Anti-Semitism by member of Board of Selectmen

Organizers of an effort to remove Maureen Kenney from her seat on the Board of Selectmen say they are ready to collect the thousands of signatures needed to put a recall question on the ballot.

At the Oct. 23 meeting, Kenney said that she believed that Silverman's request for up to five days of paid leave after the death of a close family member was excessive and unnecessary.

“It's not the standard in industry,” Kenney is quoted by Silverman as saying in a letter recounting the incident. “Besides, don't you Jews plant them within 24 hours.”

After Silverman objected to Kenney's remarks, he then quoted her as saying: “I don't see any side curls on your head, so what the hell do you need five days of bereavement leave for.” Side curls are traditionally worn by male Hasidic Jews.

A copy of Silverman's two-page letter to school committee members and lawyers was obtained by The Patriot Ledger.

Elected a selectman in March, Kenney has said she doesn't intend to give up that seat. She could not be reached for comment.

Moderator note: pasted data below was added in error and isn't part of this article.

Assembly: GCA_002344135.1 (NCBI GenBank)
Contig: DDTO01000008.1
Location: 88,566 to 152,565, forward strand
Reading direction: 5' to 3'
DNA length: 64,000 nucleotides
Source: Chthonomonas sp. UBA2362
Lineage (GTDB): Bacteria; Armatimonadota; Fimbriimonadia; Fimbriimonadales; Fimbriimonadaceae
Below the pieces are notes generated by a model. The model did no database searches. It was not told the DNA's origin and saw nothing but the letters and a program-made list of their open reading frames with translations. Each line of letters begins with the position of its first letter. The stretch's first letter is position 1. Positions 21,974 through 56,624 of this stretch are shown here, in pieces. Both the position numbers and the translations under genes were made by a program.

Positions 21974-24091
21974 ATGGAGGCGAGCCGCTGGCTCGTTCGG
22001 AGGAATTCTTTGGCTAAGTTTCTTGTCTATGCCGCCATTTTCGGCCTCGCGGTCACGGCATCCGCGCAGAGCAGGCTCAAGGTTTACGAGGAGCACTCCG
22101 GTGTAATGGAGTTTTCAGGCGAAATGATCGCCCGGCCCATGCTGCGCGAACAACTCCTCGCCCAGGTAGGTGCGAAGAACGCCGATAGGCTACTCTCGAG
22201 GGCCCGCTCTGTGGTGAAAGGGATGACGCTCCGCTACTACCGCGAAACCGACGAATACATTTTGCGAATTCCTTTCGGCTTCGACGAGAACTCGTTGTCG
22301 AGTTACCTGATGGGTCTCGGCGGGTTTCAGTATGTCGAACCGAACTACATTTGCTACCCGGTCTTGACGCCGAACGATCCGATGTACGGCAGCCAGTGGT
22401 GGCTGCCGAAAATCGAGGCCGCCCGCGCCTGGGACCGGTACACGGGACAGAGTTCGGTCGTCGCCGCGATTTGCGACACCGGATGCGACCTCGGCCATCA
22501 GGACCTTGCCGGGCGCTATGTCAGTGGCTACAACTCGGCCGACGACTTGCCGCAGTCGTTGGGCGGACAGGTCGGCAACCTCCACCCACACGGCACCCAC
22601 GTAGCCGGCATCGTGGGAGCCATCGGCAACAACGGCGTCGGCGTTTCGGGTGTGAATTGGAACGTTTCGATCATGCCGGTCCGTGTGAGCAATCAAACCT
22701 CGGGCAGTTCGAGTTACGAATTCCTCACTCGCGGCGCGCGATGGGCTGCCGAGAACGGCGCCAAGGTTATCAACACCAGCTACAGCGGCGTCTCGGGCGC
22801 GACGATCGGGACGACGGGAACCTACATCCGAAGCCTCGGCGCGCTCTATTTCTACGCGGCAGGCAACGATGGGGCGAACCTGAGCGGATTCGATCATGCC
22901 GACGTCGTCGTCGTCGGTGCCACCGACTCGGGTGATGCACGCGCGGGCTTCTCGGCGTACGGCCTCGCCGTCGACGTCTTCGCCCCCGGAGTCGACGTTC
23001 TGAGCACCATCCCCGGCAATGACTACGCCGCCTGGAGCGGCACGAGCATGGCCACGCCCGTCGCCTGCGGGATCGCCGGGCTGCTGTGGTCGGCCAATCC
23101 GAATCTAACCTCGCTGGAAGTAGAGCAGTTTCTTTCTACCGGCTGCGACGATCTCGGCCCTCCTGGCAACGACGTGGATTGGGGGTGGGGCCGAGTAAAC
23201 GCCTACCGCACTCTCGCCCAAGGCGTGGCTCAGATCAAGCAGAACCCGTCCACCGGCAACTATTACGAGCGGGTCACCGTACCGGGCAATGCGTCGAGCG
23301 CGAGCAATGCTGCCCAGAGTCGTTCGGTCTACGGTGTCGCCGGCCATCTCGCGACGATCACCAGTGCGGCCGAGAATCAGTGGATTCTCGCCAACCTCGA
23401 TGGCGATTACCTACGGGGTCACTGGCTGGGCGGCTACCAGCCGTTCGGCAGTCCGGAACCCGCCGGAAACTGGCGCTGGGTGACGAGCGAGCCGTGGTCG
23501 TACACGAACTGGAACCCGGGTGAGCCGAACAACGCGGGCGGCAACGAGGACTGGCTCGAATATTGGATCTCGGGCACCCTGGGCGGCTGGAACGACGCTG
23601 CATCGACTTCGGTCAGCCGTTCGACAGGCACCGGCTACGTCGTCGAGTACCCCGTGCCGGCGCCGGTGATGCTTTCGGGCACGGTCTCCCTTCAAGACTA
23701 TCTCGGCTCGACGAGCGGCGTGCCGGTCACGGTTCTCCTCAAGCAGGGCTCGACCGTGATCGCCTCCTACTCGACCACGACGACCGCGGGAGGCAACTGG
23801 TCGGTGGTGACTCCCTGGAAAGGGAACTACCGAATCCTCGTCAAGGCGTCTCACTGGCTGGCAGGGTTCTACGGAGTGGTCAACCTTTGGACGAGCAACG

Hitler Medaber Mitoich Groinoy


Wednesday, January 02, 2008

Out of the Inbox - Too much homework

Sent in by a Chaptzem reader

To Chaptzem, please post this as I am beyond frustrated already,

I am a mother of BI"H five children, four girls and one boy, all under the age of ten. I am very proud to be a stay-at-home mother, which doesn't mean that I don't work, it just means that I don't get paid - at least not monetarily. I have no qualms. I get up early, have a coffee with my husband before he goes to learn and then to work. Then I wake my kids, feed them, clothe them, send them off, shop for them, cook for them, feed them again and then - here it comes - spend over two hours doing homework with them.